Working with social enterprises is about building relationships and thinking innovatively. That’s according to a panel of speakers at a conference staged by construction firm Amey in London earlier this month.
Speaking at the Social Value Supply Chain Charter launch, experts discussed how companies might benefit from working with the rising social enterprise sector. They concluded that strong relationships between procurement teams and social enterprises ensured open communication which can help smaller companies overcome accessibility barriers.
Kate Bull is director of Britain’s Bravest Manufacturing Company, a social enterprise providing employment opportunities for the armed forces community. She praised the strong relationships her company has with Amey.
“We can talk openly about some of the difficulties we face when applying for work,” she said. “There could be a 39-page tender document that lands on our desk, and the only bit we can apply for is on page 19, subsection A. When running social enterprises, those documents are just a nightmare.”
David Ogden, business director at Amey, agreed: “We need to be more innovative and more collaborative. I think we're guilty of trying to do a lot of it on our own, and not engaging and doing things collectively. From a maturity perspective for the construction sector, engaging with social enterprises needs a push.”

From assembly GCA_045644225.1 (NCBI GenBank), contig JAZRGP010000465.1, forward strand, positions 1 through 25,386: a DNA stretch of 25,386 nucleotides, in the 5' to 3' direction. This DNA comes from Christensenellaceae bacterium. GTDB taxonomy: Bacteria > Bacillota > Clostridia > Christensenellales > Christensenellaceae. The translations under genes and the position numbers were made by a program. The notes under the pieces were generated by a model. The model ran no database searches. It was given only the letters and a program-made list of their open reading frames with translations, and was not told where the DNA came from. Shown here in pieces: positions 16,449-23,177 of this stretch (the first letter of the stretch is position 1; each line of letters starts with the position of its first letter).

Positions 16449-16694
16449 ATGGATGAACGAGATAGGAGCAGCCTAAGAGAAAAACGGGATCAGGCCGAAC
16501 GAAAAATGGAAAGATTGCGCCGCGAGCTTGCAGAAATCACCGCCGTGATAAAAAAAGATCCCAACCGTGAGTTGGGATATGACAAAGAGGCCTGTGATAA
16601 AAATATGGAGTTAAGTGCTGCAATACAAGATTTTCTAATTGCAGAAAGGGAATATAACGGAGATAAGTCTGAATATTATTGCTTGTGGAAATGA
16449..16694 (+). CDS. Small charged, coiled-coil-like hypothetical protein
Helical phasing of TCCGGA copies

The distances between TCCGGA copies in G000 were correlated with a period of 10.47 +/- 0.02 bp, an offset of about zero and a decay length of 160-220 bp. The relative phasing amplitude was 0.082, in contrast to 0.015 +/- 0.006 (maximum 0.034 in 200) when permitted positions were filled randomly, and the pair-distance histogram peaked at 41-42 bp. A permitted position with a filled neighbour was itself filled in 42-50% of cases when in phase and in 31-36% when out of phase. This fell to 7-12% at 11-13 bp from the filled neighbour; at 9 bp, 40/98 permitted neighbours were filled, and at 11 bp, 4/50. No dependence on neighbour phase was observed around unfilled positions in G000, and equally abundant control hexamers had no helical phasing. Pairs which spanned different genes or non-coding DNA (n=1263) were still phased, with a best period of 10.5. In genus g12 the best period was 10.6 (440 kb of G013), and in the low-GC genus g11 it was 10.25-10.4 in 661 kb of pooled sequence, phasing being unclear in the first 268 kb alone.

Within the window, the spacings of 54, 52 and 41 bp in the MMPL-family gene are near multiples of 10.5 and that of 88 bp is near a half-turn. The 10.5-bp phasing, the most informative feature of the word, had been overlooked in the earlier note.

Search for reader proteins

He explained how, following the introduction of the government’s Public Services (Social Value) Act and pressure from clients, the construction sector is starting to work more with social enterprises. However, this requires the sector to evolve.
Charlie Wigglesworth, deputy chief executive of Social Enterprise UK, was another speaker at the conference. “Buying from social enterprises is a really clear and tangible way to demonstrate that you're having a social impact,” he said. “Social enterprises are equal on quality, and very similar on price as well. These have to be high-quality performing businesses. This isn't about making a compromise decision between quality and price; it has to be about both.”
Earlier this month, Amey released the Social Value Supply Chain Charter to assist suppliers in identifying ways to deliver social value in their operations. The company pledged to spend £40m with social enterprises by 2023.